Part of the Milwaukee Film Festival is to showcase local filmmakers and enable Milwaukee citizens to enjoy the hard work such filmmakers have put into their craft. Cream City Cinema is a festival program comprised of local films to serve just that purpose. Sunday, Oct. 6 was the final screening of Cream City Cinema documentary, "Date America." The screening attracted a large audience of between 800-900 people, who were thrilled to watch a film featuring the local area. "Date America" played at the Oriental Theatre from 8:30-10 p.m. followed by a Q&A with Director/Producer/Subject Bob Murray and Editor/Composer Jeff Martini.
"Date America" is a documentary about Bob Murray, a 34-year-old bachelor who finds himself wondering why he's still single and whether the cause could be the city. To determine if it's just Milwaukee women that aren't doing it for him, Murray embarks on an 18-day road trip from Milwaukee to Los Angeles to have dates with nine women he met online. This journey west includes stops in St. Louis, Kansas City, Dallas, New Mexico, Phoenix, and Las Vegas.
The decisions you make today will change your life.
The film had a strong start, showing media coverage of Bob's project, an interview with his parents, and a first date in Milwaukee with a woman named Cynthia. "Date America" elicited cheers and applause from the audience as they saw their local Lakefront Brewery and Bel Air Cantina restaurant. The film followed the typical MTV-style dating reality show, asking the date their occupation, whether they were nervous, etc. However, unlike an MTV show, "Date America" included less and less of the dates as the film went on. With nine dates in an 86-minute film, of course not everything can be included, but by the ninth date the audience saw her introduction, a sentence or two of conversation, and their final thoughts compared to elaborate coverage of the first few dates.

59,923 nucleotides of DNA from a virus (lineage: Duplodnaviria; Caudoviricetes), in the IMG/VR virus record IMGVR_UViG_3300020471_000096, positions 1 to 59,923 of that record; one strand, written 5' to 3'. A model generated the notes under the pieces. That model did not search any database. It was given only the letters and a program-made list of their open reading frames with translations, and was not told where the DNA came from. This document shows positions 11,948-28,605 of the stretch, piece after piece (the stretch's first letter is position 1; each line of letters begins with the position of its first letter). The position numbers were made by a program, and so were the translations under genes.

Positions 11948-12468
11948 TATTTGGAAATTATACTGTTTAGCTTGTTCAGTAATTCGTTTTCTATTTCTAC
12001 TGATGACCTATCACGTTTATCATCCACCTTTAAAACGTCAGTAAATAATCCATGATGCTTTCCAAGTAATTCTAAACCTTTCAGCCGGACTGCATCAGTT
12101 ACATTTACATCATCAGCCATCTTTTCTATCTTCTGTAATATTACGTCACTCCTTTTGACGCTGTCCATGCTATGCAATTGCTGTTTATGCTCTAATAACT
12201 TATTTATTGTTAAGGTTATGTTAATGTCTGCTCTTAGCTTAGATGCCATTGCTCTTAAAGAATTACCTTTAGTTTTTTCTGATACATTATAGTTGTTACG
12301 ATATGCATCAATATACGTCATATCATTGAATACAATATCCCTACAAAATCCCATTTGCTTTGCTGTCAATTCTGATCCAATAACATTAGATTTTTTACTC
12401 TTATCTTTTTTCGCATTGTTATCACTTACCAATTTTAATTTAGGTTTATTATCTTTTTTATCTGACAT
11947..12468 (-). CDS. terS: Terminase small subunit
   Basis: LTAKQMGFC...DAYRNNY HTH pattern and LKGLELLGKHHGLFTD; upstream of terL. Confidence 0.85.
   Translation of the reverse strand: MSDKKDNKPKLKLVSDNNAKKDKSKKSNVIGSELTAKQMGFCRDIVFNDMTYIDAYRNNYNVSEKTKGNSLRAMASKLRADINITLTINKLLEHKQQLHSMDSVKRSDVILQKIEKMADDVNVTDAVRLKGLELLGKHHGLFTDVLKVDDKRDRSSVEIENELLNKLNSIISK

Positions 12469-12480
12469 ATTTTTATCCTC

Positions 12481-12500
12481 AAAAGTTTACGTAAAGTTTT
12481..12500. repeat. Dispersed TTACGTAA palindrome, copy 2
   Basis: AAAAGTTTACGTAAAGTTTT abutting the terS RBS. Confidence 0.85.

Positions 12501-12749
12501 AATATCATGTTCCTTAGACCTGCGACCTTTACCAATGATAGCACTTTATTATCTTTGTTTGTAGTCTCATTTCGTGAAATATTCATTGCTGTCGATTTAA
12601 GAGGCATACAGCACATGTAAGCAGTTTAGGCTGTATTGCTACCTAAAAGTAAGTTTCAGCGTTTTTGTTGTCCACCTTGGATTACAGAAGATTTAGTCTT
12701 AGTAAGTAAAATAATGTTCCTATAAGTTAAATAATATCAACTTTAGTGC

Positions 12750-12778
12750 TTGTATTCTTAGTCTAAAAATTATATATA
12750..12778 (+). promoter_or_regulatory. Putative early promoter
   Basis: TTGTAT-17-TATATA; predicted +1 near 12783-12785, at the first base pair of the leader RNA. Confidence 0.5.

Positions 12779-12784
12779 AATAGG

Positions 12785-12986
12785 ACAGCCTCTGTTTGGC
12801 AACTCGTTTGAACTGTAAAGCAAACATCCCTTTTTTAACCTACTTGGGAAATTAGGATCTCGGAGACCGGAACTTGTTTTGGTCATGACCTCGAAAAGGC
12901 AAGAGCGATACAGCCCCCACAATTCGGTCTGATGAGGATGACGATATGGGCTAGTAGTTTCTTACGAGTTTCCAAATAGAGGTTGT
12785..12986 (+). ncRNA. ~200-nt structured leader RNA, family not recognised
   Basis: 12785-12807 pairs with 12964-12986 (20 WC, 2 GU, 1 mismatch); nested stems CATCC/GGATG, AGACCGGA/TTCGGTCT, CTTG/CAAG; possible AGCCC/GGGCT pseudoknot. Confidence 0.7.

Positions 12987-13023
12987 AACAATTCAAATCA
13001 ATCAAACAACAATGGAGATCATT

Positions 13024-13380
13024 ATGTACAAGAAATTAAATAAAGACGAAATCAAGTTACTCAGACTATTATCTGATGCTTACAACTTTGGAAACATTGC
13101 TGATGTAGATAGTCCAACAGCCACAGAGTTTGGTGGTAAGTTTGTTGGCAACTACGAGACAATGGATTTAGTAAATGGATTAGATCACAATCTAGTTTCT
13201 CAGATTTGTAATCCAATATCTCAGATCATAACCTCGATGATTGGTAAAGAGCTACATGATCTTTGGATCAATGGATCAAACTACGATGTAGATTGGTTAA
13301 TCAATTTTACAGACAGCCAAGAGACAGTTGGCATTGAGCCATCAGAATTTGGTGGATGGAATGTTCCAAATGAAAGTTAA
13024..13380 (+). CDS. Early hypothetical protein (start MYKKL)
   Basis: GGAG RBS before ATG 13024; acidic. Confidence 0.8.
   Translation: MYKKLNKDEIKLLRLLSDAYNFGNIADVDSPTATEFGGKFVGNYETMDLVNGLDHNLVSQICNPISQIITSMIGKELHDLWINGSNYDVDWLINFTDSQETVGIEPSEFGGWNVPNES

Bob Murray confessed in the Q&A that he is not a director but a banker and, unfortunately, it was no surprise that he wasn't a seasoned film veteran. While he made an interesting and likeable subject for the documentary, there was a serious lack of direction in the film. "Date America" starts as an exploration of online dating and whether women differ enough between the states in order for Murray to find someone suited to him. However, the film doesn't have an organized conclusion. There's no closing thoughts on online dating, and though the focus shifts towards Murray's problems instead of those of the women, there is little to no follow-up these problems. Furthermore, Murray answered a question after the film stating that he hasn't changed anything about how he dates or how he behaves on dates, and yet he insinuates that he experienced a change in the film. The audience misses what should be the most important part of the film and instead gets some brief observations and unexplained conclusion. This disconnect leaves the viewer wanting, and without the Q&A audience members would have been left asking themselves what they missed.
If Murray had done more to include content on what his dating issues were and how he's changed and grown over the experience, the film would have been much stronger. One of the crucial elements of a documentary following a personal journey is a revelation. And while one certainly can't plan for a revelation in someone's real life, there must be some kind of reflection on the experience as a whole in connection with the beginning intentions. The film began will some strong intentions, but ends only concerned with whether or not he found a match (even though it began as much more than that).
The Q&A provided insight needed to finish the film. Insights such as,
It doesn't matter where you are, you're still with yourself and the problem is probably with yourself.
You can't run away from yourself no matter what city you go to.
These helped bring the film together, and unfortunately they weren't included in the film at all. However, for Milwaukee natives and those who know people involved in "Date America", it's an entertaining reality show-style documentary that displays great pride in the city. The film has a very strong and promising start based on an intriguing topic that, under more focused direction, has great potential.